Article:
By way of further example, integrated circuit chips will sometimes contain imperfections that render portions of the chip unusable. A computer processor chip may be designed to have a 128 KB (kilobyte) cache, but in-process testing may determine that only 64 KB of the 128 KB is functional. If the remainder of the chip is functional, the chip may still be used, but information must be stored on the chip so that no attempt to use the nonfunctional 64 KB portion of the 128 KB cache is performed.
In yet another example, static charges built up during certain processing steps in the fabrication and processing of dynamic random access memory (DRAM) circuits put sensitive transistor gate stacks at risk of damage. To protect the gate stacks, one or more integrated fuse devices may be employed during manufacturing to create protective current pathways that conduct these charges harmlessly away. At a later point in the fabrication process when the risk of damage no longer exists, the fuses can be blown or cut to permit the finished DRAM circuit to function normally.
One approach to dealing with yield problems in large arrays is the use of redundant circuit elements. Redundancy has been employed on memory chips for many years in order to increase yield. When a defective cell (or collection of cells) is identified through chip testing, its address is typically recorded in nonvolatile memory. This non-volatile memory is typically implemented as an array of laser-blown fuses on the chip. Subsequently, whenever the defective address is accessed, the fuses and associated redundancy logic cause redundant cells to be accessed instead of the defective cells. As integration density has increased, the use of this kind of redundancy logic with large static arrays has become commonplace in advanced chip designs. On some recent integrated circuit designs, memory has been integrated with logic to such an extent that redundancy involving hundreds or thousands of fuse devices has been employed to ensure adequate chip yield. Some of these chips have also employed fuse devices to provide electronic chip ID, or EID.
A more recent development in integrated fuse technology is the “eFUSE” device, in which “blowing” the fuse does not involve a physical rupture of a fuse element, but where a silicide conductive element is caused to thin out or disperse by electromigration, greatly increasing its resistance. The fuse is “blown” by applying a higher than nominal voltage. eFUSE devices provide several compelling advantages over the laser fuses they have replaced. The blow process does not risk damage to adjacent devices. eFUSEs can be blown by a logic process instead of a physical laser ablation method. eFUSEs are substantially smaller than laser fuses, and they scale better with process improvements. Finally, since no specialized equipment or separate product flow is required, eFUSEs can be blown at multiple test and application stages. We discuss circuit design, fuse programming, test considerations, and z9e system applications. The physical and logical implementation of eFUSEs has resulted in improved yield at wafer, module, and final assembly test levels, and has provided additional flexibility in logic function and in system use.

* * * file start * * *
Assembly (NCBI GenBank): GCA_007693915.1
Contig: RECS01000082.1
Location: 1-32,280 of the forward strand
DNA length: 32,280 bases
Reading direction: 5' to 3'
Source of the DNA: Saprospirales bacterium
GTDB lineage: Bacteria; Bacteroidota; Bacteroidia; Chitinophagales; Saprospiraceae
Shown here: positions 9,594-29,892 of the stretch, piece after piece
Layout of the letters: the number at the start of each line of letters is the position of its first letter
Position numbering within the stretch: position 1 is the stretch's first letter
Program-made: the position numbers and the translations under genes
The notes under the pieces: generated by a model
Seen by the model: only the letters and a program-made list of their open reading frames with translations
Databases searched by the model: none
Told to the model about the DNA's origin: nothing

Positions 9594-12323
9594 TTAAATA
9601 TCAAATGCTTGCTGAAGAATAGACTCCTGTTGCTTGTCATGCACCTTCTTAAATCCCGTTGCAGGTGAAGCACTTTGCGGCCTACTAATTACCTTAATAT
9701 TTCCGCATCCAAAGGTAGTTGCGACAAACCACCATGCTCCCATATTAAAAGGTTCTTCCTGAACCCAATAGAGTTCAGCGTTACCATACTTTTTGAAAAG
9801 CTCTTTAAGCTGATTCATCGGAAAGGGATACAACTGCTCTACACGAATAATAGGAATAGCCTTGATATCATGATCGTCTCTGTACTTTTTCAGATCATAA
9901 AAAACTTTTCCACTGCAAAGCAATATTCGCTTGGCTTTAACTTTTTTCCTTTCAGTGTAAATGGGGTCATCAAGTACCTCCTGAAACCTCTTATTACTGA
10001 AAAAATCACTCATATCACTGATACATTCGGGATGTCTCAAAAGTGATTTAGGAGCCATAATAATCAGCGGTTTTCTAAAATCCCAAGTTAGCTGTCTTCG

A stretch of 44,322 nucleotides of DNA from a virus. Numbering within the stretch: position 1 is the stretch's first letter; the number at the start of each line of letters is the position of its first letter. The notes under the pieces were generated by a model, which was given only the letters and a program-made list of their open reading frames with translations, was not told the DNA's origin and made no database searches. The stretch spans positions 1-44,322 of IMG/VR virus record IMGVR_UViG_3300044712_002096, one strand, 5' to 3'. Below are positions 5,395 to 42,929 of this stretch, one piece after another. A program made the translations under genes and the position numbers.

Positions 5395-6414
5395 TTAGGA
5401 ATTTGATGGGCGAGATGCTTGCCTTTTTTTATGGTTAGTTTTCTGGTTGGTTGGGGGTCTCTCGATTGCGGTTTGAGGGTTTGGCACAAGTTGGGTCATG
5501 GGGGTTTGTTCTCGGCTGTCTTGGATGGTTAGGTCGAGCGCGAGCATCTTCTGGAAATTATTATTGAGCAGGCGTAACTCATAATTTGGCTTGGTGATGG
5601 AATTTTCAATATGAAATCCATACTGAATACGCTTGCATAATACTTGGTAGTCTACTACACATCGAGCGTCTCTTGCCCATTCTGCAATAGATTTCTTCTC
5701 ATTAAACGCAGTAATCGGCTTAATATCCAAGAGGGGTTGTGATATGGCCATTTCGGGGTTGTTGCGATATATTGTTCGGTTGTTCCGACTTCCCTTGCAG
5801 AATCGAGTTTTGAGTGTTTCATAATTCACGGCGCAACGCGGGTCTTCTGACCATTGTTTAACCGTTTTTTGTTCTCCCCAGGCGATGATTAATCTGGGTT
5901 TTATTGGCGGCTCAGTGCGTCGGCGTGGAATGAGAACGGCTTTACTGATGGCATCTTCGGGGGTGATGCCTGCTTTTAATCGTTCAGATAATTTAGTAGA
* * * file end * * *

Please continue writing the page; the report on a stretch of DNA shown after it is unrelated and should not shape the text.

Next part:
On modern semiconductor chips, fuse devices are often provided in the form of “eFUSEs” or electronically programmable fuses. As a fuse device, an eFUSE is electronically programmable, and may be programmed by blowing the eFUSE after a chip is manufactured. In some applications, the eFUSE is blown even after an electronic system utilizing the chip has been in operation for some time.
An eFUSE typically comprises a silicide conductive link on a silicon or polysilicon beam. Silicide has been widely used in semiconductor products to provide low-resistance conductors, typically in the gate, source or drain regions of integrated Field Effect Transistors (FETs). An eFUSE is blown by directing a current of sufficient magnitude and duration through the eFUSE to cause diffusion of the silicide material by electromigration. This effectively “thins” the silicide concentration in the conductive link, thereby increasing its electrical resistance. Descriptions of eFUSEs can be found in U.S. Pat. No. 6,368,902, “Enhanced eFUSEs by the local degradation of the fuse link”, by Chandrasekharan Kothandaraman, et al (hereinafter referred to as “KOTHANDARAMAN 902”), and U.S. Pat. No. 6,624,499, “System for programming fuse structure by electromigration of silicide enhanced by creating temperature gradient”, by Chandrasekharan Kothandaraman, et al. (hereinafter referred to as “KOTHANDARAMAN 499”), both of which are incorporated herein by reference.